PROFILE

Xavier Lederer

Business Growth Coach, Founder & CEO of Ambrose Growth

I work with mid-market CEOs and business owners who are frustrated because their business is not growing as fast as they want. As a business growth coach I help them identify and remove growth roadblocks, so that they can grow faster and with less pain.

I leverage my experience over the last 20 years as a high-impact, action-oriented entrepreneurial executive with successful track record of delivering profitable growth in retail, e-commerce, consumer goods, food, and energy:

  • Turned around a food business to deliver +10% growth within 6 months.
  • Grew a stagnant $70M ecommerce/franchise category +70% in 2 years.
  • Increased sales of an energy retailer +25% to $100M in 2 years.

Key characteristics:

  • End-to-end leadership from strategy development to company-wide execution in a multi-channel environment, including e-commerce, retail, key accounts/B2B, call center, direct mail, and other non-traditional sales channels.
  • Recognized as a creative and tenacious problem-solving change agent, driving change through vision, teamwork, performance management, and people development. Experienced leader of cross-functional teams, creating effective bridges across the organization.
  • Skilled at improving organizational effectiveness through talent development/coaching and team restructuring.
  • Full P&L responsibility and executive team leadership experience.
  • Able to team up with a visionary founder, who needs help to structure the business in order to fulfill their vision. Low ego, collaborative leadership style, calm under pressure, strong prioritization and strategy development skills, knows when to be assertive or accommodating.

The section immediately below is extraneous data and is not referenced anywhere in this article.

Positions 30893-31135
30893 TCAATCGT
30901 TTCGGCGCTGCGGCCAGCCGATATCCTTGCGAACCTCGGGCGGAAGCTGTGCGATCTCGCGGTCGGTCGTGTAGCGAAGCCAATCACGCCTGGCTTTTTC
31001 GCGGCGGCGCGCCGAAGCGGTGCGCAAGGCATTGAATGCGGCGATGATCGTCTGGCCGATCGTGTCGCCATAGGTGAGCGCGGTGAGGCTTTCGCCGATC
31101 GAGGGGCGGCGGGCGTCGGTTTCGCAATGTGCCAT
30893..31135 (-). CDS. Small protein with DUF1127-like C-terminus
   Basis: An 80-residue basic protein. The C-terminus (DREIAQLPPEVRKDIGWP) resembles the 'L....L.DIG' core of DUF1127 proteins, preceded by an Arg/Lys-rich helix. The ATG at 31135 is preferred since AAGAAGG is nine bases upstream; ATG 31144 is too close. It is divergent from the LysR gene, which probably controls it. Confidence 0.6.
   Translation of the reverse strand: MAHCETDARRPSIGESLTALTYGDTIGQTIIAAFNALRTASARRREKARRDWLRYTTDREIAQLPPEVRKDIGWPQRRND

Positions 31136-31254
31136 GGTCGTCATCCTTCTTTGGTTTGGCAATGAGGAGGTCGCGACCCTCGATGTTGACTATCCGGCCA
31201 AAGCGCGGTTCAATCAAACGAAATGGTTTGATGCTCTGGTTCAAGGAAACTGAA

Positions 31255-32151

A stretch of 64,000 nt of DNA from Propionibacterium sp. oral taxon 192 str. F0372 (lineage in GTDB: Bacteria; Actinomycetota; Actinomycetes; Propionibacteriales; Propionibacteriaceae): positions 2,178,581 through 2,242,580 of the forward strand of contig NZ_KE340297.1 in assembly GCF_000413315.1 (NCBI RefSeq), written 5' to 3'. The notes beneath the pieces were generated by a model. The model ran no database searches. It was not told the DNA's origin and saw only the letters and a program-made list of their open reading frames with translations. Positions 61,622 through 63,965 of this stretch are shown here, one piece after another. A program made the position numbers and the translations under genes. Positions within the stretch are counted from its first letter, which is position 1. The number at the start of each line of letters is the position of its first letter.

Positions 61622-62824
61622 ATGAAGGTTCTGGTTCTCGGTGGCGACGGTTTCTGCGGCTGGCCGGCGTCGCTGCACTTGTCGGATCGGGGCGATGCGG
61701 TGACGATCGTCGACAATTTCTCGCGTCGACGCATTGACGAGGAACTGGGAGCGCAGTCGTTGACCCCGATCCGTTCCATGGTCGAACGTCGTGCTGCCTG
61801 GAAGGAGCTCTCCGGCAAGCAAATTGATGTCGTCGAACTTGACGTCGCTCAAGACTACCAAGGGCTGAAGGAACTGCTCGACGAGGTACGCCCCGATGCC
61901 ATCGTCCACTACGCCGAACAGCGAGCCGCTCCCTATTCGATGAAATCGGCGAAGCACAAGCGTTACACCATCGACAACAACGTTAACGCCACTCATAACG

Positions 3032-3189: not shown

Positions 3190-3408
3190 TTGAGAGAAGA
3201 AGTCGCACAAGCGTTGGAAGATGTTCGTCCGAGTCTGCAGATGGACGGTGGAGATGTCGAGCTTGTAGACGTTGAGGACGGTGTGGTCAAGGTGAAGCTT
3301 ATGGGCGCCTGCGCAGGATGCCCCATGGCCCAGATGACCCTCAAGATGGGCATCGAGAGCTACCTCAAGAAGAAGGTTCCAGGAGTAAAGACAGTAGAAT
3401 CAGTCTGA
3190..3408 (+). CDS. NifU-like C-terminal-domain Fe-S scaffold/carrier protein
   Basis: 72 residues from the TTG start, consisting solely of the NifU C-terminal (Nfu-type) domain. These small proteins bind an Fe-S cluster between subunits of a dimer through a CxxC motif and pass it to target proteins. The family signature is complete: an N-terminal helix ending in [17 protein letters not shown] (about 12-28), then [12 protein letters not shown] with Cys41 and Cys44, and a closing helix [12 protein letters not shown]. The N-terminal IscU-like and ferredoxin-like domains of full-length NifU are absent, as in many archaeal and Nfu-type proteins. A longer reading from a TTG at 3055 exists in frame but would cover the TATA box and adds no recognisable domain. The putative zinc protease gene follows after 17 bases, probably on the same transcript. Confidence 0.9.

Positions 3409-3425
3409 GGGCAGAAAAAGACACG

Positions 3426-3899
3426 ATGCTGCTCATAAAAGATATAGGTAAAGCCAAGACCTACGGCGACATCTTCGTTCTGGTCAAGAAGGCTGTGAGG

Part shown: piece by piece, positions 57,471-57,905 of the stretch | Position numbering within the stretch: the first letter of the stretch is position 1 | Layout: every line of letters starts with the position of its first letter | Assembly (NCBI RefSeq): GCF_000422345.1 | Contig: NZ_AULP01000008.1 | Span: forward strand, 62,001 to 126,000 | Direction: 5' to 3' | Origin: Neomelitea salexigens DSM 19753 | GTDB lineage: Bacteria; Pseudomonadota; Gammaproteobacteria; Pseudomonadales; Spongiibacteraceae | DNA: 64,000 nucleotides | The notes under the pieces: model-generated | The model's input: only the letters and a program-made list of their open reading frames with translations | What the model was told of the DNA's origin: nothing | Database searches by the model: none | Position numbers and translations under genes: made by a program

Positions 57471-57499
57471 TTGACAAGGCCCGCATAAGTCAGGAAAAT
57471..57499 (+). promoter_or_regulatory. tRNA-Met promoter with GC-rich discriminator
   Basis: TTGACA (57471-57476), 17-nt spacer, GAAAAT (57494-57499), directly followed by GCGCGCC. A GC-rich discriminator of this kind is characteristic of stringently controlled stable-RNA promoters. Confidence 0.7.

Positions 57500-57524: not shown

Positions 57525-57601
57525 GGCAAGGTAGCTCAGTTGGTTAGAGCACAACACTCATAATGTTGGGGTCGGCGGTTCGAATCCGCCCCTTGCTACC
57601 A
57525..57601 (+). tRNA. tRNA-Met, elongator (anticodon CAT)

To learn more, visit: ambrosegrowth.com

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  • Posted on: 10/15/2020

    Is YouTube a shopping powerhouse waiting to happen?

    YouTube is in a strong position: it is popular across all age categories (73 percent penetration among adults on average) and is strongest among the 15-25 years old (81 percent penetration). If they manage to offer a seamless experience to buyers and sellers to convert people interested to learn about a product into actual buyers, it has the potential to change the e-commerce landscape.
  • Posted on: 10/13/2020

    Has Walmart come up with an answer to Best Buy’s Geek Squad?

    This new service will only be sustainable if it makes economic sense. How will Walmart offset lower prices? Walmart's method of securing lower prices has traditionally been through higher volumes and more efficient operations. Will these competitive advantages transfer to the world of electronics and technology services?
  • Posted on: 10/08/2020

    Amazon rolls out virtual vacation tours that include shopping

    One of the big challenges of e-commerce is that it poorly translates the in-person shopping experience and personalized service. Some brands tried online bot assistants, with mixed results. This initiative seems to combine the best of both worlds: the comfort and convenience of your own home, and the personal service and listening skills that only a human can deliver. This can enable extremely talented craftspeople to reach more customers in a much more personalized way.
  • Posted on: 10/05/2020

    Can one site make men love, not hate, shopping online?

    Every e-commerce site should offer a dual experience - and most already do: a no-frills fast track with pre-made bundles for utilitarian shoppers, and an expansive browsing experience for pleasure shoppers. Who belongs to each group depends on each category: many men can be utilitarian shoppers when it comes to apparel - but put these same men in a wine aisle, and many will start browsing labels and enjoy it.
  • Posted on: 10/01/2020